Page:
Co-signing a loan for a sibling or friend should not be an option. Defaulting on such a loan will affect you extensively. Failure of the borrower to repay the loan means that you automatically become liable.

You should understand the financial and legal implications as a co-signer.

4. Lend What You Can Afford to Lose

Lending money to a friend or family member is a gamble. If the money your friend needs can break your relationship if unpaid, then decline. The money you give out to a loved one should be an amount you can comfortably afford.

A family member might be intending to repay the loan but lack the resources. In such instances, you may be forced to write off the loan, be understanding, and maintain the relationship.

It is important to discuss with the borrower your concerns. You can agree on the collection plans and the course of action when they default.

5. Charge Interest

Charging interest might seem unfair when loaning a friend or a family member. Yet, interest is one of the ways that you can protect your hard-earned cash. A fair interest prompts your loved one to pay the loan on time.

Loaning money to a friend or family member has tax implications, which is in the form of a gift tax. Charging interest is one of the ways to avoid the gift tax. However, it is important to research on ways you can protect yourself when loaning a family member.

6. Review the Finances of the Borrower

Based on the relationship you have with the borrower, it is beneficial to review their finances and act accordingly. Most of the young people within the family might need a loan to finance less important issues. Helping the borrower to budget and use money wisely will improve their financial management skills.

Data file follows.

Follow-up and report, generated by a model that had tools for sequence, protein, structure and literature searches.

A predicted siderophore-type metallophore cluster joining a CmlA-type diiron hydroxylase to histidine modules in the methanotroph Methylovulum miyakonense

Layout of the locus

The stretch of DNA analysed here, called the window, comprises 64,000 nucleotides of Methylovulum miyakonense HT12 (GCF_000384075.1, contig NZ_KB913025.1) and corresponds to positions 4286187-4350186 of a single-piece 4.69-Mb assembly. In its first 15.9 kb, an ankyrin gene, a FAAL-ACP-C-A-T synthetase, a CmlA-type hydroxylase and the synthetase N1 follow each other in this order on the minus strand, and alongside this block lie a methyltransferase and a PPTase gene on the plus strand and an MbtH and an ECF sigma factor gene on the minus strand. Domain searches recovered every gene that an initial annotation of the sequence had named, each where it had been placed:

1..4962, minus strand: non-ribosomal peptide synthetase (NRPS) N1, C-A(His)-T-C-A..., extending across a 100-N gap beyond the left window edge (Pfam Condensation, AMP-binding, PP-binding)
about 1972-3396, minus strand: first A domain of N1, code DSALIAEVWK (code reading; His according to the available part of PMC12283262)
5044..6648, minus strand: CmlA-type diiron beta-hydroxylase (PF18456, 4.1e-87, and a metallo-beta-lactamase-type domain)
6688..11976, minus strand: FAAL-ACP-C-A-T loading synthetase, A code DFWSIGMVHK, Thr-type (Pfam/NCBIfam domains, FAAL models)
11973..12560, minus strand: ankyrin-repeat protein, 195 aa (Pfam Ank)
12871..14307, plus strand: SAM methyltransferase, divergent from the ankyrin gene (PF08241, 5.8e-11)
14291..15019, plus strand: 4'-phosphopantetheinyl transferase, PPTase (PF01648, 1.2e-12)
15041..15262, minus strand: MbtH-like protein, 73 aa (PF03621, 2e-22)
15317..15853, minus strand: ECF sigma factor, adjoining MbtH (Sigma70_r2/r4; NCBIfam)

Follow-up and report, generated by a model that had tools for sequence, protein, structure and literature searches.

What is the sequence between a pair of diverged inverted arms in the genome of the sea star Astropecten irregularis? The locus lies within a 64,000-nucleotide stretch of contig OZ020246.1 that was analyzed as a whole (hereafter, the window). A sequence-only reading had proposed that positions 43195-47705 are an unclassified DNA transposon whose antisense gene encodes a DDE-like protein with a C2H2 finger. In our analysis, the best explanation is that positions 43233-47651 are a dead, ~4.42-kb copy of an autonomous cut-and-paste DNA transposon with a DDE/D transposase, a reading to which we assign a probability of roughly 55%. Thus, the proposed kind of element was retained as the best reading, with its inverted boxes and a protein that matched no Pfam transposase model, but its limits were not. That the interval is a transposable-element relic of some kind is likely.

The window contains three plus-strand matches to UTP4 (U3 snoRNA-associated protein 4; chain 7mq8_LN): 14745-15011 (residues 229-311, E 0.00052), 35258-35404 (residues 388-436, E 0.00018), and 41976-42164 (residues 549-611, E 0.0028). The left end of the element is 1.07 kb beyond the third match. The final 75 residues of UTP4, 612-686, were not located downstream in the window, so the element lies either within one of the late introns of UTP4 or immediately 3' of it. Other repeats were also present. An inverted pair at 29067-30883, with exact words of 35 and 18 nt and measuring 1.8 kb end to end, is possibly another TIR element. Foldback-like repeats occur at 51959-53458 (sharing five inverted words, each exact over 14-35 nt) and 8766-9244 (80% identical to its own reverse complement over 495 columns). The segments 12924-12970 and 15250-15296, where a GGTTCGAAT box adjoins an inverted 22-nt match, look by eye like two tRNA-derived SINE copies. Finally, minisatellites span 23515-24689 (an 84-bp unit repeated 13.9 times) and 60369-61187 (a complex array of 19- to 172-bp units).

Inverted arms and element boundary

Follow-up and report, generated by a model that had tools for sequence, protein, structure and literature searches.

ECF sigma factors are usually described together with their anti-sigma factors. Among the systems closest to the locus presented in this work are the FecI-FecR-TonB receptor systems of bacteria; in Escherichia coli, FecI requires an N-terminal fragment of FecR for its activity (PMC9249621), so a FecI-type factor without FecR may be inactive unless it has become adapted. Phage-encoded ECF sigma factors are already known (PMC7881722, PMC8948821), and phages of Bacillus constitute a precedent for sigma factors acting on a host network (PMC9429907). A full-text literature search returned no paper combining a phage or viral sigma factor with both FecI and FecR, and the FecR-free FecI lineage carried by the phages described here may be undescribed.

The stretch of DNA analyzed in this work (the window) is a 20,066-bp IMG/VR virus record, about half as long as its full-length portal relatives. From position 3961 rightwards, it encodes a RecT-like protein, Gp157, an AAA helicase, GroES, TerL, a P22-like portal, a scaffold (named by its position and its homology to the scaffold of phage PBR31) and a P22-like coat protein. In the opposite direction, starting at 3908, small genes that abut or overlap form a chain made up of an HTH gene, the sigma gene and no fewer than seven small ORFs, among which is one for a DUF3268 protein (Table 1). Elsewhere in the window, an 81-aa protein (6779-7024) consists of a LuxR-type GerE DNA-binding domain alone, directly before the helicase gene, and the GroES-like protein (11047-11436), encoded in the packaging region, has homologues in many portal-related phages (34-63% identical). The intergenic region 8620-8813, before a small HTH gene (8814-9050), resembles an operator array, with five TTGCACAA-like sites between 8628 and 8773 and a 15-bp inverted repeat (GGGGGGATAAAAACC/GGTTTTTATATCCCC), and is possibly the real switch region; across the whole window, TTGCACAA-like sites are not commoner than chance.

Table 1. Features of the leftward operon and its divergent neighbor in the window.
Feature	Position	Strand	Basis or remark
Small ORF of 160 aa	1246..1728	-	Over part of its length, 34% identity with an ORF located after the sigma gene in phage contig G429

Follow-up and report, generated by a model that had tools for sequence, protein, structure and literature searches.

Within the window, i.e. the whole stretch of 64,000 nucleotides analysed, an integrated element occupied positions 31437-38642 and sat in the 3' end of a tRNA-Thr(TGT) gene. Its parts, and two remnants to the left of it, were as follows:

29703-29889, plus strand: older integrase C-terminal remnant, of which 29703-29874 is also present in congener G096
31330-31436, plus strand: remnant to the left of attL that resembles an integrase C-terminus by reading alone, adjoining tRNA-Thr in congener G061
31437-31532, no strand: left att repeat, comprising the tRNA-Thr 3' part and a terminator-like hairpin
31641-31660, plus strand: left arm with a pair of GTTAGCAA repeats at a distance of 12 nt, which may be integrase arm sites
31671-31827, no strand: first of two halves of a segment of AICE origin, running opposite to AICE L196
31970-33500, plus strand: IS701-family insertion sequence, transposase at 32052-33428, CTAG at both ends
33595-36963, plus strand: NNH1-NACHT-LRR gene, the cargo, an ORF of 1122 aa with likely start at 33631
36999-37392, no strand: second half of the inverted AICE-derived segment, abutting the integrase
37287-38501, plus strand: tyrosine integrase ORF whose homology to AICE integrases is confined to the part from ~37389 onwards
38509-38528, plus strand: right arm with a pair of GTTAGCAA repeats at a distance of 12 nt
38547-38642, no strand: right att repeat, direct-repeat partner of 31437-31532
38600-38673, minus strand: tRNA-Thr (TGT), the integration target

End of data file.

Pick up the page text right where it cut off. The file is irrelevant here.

While you want to be that reliable friend or sister, you should make inquiries on the usage of the loan. Some needs might not be worth your money. A borrower who tries to be overly defensive is already a sign that you might never recover the loan.

7. Maintain Your Distance

You might be tempted to investigate how your loved one uses the money you have loaned out. Micromanaging a loan can be an irritant to the borrower. When you loan the money, distance yourself and allow them to plan the money according to their needs.

Instead of focusing on the already loaned money, concentrate on the repayment plan. Being the lender does not allow you to be intrusive. Such a move would create a rift between you and the borrower.

In some instances, keeping the distance is hard especially when the borrower is your younger sister or brother. Instead of giving him/her the money, you can pay directly to get the service or product they need. The strategy ensures that the money you loan out remains useful for the intended purpose.

8. Understand the Tax Implication

As a lender, the tax implications of a family loan are likely to burden you as opposed to the borrower. You have to prove to the IRS that the money you have given a family member is a loan. In this case, you have to adhere to the federal rate on interest.